China's pork industry grapples with pollution crisis

By Mark Godfrey

- Last updated on GMT

China has mobalised a livestock pollution taskforce to crackdown on slurry that has polluted local water sources
China has mobalised a livestock pollution taskforce to crackdown on slurry that has polluted local water sources
Genetics and nutrition companies look set to benefit from a Chinese crackdown on pollution from the livestock sector, after critics claim slurry is contaminating water supplies.

An ongoing clear-out of pig farms has intensified this summer with arrests and bulldozing of farms in water-sensitive and tourist areas meaning that pig supply is squeezed.

A recently released five-year plan for the pig breeding sector declares that China will be self-sufficient and not dependent on pork imports, with any increase in supply coming from large, modern pig farms producing better pigs rather than any increase in smaller farms.

The plan, published by the agriculture ministry, stresses that low productivity and high costs currently makes Chinese pork less competitive than European and US imports.

Slurry ‘damaging water’

China’s local and national media are full of stories this summer of local moves against water-polluting pig farms. Interviewed on the agricultural news channel of China Central TV, Fan Jian Jun, mayor of Ninghai, a town of 100,000 people, stated his town had set up a ‘livestock pollution special task force’ which had shut 1,283 pig farms this year to deal with a “slurry problem​” that was “damaging water supplies.” Farmers who refuse to comply are fined and jailed, said mayor Fan.

Earlier this summer local governments were handed a detailed dossier from the Ministry of Environmental Protection (MEP) on how to enforce law and detailing for local governments the areas which should be cleared of livestock farming. Drinking water sources tops the list of areas off limits areas in the list from the MEP, followed by tourist areas and areas of special conservation. Also listed as off limits: population centres including schools. Remaining livestock farms of any nature now require slurry tanks and biogas equipment.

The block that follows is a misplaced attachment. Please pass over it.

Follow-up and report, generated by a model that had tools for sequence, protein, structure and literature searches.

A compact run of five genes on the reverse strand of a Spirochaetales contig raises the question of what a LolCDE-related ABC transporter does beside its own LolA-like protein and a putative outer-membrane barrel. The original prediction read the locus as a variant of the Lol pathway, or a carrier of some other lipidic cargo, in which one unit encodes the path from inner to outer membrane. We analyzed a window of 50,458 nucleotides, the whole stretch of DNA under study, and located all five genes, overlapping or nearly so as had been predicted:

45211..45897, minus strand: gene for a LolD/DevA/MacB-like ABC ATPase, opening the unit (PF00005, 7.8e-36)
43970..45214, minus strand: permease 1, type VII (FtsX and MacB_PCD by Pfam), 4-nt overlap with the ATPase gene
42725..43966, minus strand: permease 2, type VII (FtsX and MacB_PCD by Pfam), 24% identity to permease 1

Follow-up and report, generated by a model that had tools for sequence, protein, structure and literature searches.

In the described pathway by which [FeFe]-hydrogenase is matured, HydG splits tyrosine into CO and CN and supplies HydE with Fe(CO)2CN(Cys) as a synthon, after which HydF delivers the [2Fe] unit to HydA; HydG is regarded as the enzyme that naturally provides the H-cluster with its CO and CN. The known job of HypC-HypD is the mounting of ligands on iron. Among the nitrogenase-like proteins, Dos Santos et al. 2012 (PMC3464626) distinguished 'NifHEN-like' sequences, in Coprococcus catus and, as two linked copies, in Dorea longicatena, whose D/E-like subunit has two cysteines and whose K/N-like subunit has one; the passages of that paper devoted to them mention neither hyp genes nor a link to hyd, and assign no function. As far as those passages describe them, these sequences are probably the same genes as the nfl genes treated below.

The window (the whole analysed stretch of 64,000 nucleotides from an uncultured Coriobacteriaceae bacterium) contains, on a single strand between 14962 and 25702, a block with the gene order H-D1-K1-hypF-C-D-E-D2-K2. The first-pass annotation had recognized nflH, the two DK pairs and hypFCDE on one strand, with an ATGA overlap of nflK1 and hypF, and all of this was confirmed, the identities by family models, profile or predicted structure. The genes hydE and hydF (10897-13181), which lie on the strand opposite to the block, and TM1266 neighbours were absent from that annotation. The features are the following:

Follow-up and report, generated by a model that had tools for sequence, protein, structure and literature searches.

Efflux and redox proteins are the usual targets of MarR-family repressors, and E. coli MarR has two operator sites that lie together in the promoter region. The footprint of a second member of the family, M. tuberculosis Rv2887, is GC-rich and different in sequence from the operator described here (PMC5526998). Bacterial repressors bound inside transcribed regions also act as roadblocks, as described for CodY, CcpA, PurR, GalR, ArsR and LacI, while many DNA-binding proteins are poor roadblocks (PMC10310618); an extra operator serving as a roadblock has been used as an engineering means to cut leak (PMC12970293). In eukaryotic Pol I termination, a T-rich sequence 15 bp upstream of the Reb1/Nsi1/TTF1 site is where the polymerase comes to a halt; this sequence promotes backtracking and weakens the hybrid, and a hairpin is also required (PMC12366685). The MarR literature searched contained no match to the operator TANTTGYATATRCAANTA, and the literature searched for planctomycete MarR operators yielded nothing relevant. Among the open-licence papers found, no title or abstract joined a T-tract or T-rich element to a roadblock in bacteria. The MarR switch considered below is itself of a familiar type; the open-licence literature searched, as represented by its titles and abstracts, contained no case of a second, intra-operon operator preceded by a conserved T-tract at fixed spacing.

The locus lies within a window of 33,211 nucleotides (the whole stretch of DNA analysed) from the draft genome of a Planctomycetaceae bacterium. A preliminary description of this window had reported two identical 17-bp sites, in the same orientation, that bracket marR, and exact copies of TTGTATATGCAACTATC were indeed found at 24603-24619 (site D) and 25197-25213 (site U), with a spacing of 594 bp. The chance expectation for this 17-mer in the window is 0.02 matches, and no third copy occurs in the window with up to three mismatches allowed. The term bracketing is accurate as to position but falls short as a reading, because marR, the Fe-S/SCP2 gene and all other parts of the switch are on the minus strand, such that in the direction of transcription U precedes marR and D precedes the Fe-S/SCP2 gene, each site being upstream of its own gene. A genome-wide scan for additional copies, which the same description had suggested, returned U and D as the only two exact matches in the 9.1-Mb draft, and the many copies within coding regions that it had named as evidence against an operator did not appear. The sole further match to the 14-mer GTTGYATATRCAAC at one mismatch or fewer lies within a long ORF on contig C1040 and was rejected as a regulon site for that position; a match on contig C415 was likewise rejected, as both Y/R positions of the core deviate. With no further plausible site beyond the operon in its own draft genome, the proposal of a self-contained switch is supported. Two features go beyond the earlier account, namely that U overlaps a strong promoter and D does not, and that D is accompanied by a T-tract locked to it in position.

While the MEP document lists beef and sheep farms there is a clear emphasis on pig farms. Backyard farms (a few pigs for household use) appear to be excluded but there are clear procedures to demolish large (500 head) facilities contravening the legislation with compensation paid to farmers.

Dead pig scandal

Some provinces have taken tough action, with the south-eastern province of Fujian shutting 15,000 pig farms in the second half of 2015, according to the provincial government. Much of the pig farms appear to be moving inland to lesser-populated regions.

This summer’s crackdown on polluting pig farms​ has been some time coming. In April 2015 a water pollution prevention action plan required farms to move from prohibited areas by 2017, with a year deadline given for livestock located in off-limits zones under the municipal governments of key cities such as Beijing and Shanghai. The Environmental Protection Law issued in 2015 saw a further tightening with closures of farms and large-scale moving of livestock facilities out of areas listed as being off-limits to livestock.

A 2013 scandal over dead pigs in the Huangpu River flowing into Shanghai triggered the first shut down of pig farms by local governments after media attention impacted sales of pork. In 2014 regulations on pollution for “[large] scal​e” livestock and poultry farms saw the first designating of particular areas as being off-limits to livestock farms.

Efficiency sought

Chinese government has put much emphasis recently on “standardising​” the livestock sector, with the building of model pig farms and pork processing bases with government subsidies which are meant to serve as models for cleaner, more efficient pork production. This contrasts with a past government emphasis on subsidies for increasing capacity and pork output with little stress on standards of environmental management.

It now remains to be seen how soaring pig prices will impact the enforcement of China’s environmental laws on livestock production. China’s pork production fell 5.9% in the first quarter of 2015. Retail pork prices jumped 35% year on year in April while average prices for live hogs rose 51%. Imports of pork rose 90% year on year to 280,000 tons in the first quarter of 2016 while imports of pork offal rose to 287,000 tons.

Related topics: Environment, China, Pork

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